President Donald Trump reaffirmed his support for America’s intelligence agencies on July 17, amid a media firestorm following his meeting with Russian President Vladimir Putin in Helsinki.
“I have full faith and support for America’s great intelligence agencies,” Trump told reporters at the White House before a meeting with lawmakers. “Always have.”
The occasion marks at least the sixth time the president has affirmed his support for the intelligence agencies’ assessment that Russia meddled in the U.S. election. The most recent instance took place at the summit with Putin. Trump said that he has “great confidence in my intelligence people” but noted that the Russian leader expressed an “extremely strong and powerful” denial of the allegations.
In March this year, Trump said that “the Russians had no impact on our votes whatsoever, but certainly there was meddling.” In November last year, Trump said, “I’m with our agencies” on Russian election meddling. And in January and July 2017, he said, “I think it was Russia” that meddled in the election.
“I have on numerous occasions noted our intelligence findings that Russians attempted to interfere in our elections,” Trump said. “And I have felt very strongly that, while Russia’s actions had no impact at all on the outcome of the election, let me be totally clear in saying that—and I’ve said this many times—I accept our intelligence community’s conclusion that Russia’s meddling in the 2016 election took place. Could be other people also; there’s a lot of people out there.”
Despite the multiple affirmations of his faith in the intelligence agencies, major media outlets seized on a single word from Trump’s response to a question at the summit in Helsinki in order to advance a narrative that Trump didn’t stand up for America.
The president said that he thought he had made himself clear at the summit, but, upon seeing the media backlash while on his way back to Washington, he decided to review the transcript and the video of the press conference. He discovered that one word in his comments on Russia was not what he meant to say.
“The sentence should have been ‘I don’t see any reason why it wouldn’t be Russia,'” Trump said on July 17, correcting the word “would” to “wouldn’t” from his statement from the day before.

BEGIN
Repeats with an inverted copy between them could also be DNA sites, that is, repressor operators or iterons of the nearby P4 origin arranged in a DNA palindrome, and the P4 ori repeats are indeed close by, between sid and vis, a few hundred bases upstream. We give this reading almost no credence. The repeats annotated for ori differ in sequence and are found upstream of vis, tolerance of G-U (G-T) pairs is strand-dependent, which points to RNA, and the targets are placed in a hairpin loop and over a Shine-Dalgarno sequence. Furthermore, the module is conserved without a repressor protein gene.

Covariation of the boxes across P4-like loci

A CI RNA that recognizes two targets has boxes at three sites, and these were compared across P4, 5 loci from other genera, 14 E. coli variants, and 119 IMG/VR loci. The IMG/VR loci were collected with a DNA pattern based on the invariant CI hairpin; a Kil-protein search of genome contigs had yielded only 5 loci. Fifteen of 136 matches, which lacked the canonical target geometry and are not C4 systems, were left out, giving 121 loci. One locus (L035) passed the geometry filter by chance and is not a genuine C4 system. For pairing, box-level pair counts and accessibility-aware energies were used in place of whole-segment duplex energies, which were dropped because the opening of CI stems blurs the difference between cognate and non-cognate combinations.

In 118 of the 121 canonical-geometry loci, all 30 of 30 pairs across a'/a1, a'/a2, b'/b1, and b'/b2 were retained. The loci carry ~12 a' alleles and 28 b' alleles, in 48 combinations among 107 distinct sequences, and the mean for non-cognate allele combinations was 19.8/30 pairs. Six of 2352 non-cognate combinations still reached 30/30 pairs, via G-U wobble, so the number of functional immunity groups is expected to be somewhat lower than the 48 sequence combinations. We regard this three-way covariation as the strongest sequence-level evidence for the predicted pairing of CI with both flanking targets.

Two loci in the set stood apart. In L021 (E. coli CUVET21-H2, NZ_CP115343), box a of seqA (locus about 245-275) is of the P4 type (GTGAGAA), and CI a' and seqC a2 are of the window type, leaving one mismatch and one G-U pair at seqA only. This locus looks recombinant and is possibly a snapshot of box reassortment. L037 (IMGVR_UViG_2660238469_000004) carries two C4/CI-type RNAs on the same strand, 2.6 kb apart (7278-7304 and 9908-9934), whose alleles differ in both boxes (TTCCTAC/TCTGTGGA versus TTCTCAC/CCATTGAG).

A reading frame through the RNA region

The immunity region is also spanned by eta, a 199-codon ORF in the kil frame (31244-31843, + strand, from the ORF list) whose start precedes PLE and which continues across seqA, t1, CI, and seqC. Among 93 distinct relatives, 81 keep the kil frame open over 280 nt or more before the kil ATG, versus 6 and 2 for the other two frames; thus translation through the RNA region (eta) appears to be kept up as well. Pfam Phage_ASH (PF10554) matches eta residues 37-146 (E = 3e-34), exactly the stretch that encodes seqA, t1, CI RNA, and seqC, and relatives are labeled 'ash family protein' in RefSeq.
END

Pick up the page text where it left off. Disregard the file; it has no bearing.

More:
“I realize there’s need for some clarification,” Trump said. “It should have been obvious. I thought it would be obvious. But I would like to clarify, just in case it wasn’t.”
Trump pointed out that his administration is taking active steps to defend against future attempts to meddle in elections, in contrast to the Obama administration, which gave a stand-down order when informed about Russia’s meddling attempts before the 2016 election.
“Unlike previous administrations, my administration has and will continue to move aggressively to … repel any efforts to interfere in our elections,” the president said. “We’re doing everything in our power to prevent Russian interference in 2018.”
In May last year, Trump signed an executive order directing the government to strengthen and review the cybersecurity of the U.S. government and critical infrastructure, according to the White House.
The Department of Homeland Security is leading the effort to improve election security. The agency is helping 34 states and 52 local and county governments by conducting cybersecurity on an ongoing basis. DHS has also conducted on-site vulnerability assessments in 16 states by request.
In addition to protecting against election meddling, the White House has also punished Russia via a series of sanctions and expulsions since last year.
The administration sanctioned Russian individuals and entities in February, April, and June this year, according to the White House. These measures were on top of sanctions and trade controls issued in 2017.
In March last year, the White House sanctioned several Russian individuals and entities for hacking and election interference. That month, Trump ordered the expulsion of 60 Russian intelligence officers from the United States. The administration has also sanctioned a total of 100 individuals and entities in response to Moscow’s occupation of Eastern Ukraine and Crimea, and several others for violating the Iran and North Korea sanction regimes.
Trump is also garnering support from America’s allies to deter Russia’s geopolitical ambitions. The president said that he had convinced NATO allies to spend billions more on defense. The president’s administration has also “increased funding for the European Deterrence Initiative, providing billions to increase United States troop readiness in Europe, deter Russian aggression, and help defend our NATO allies,” the White House said in a statement.
“We’re going to have peace,” Trump said. “That’s what we want; that’s what we’re going to have.”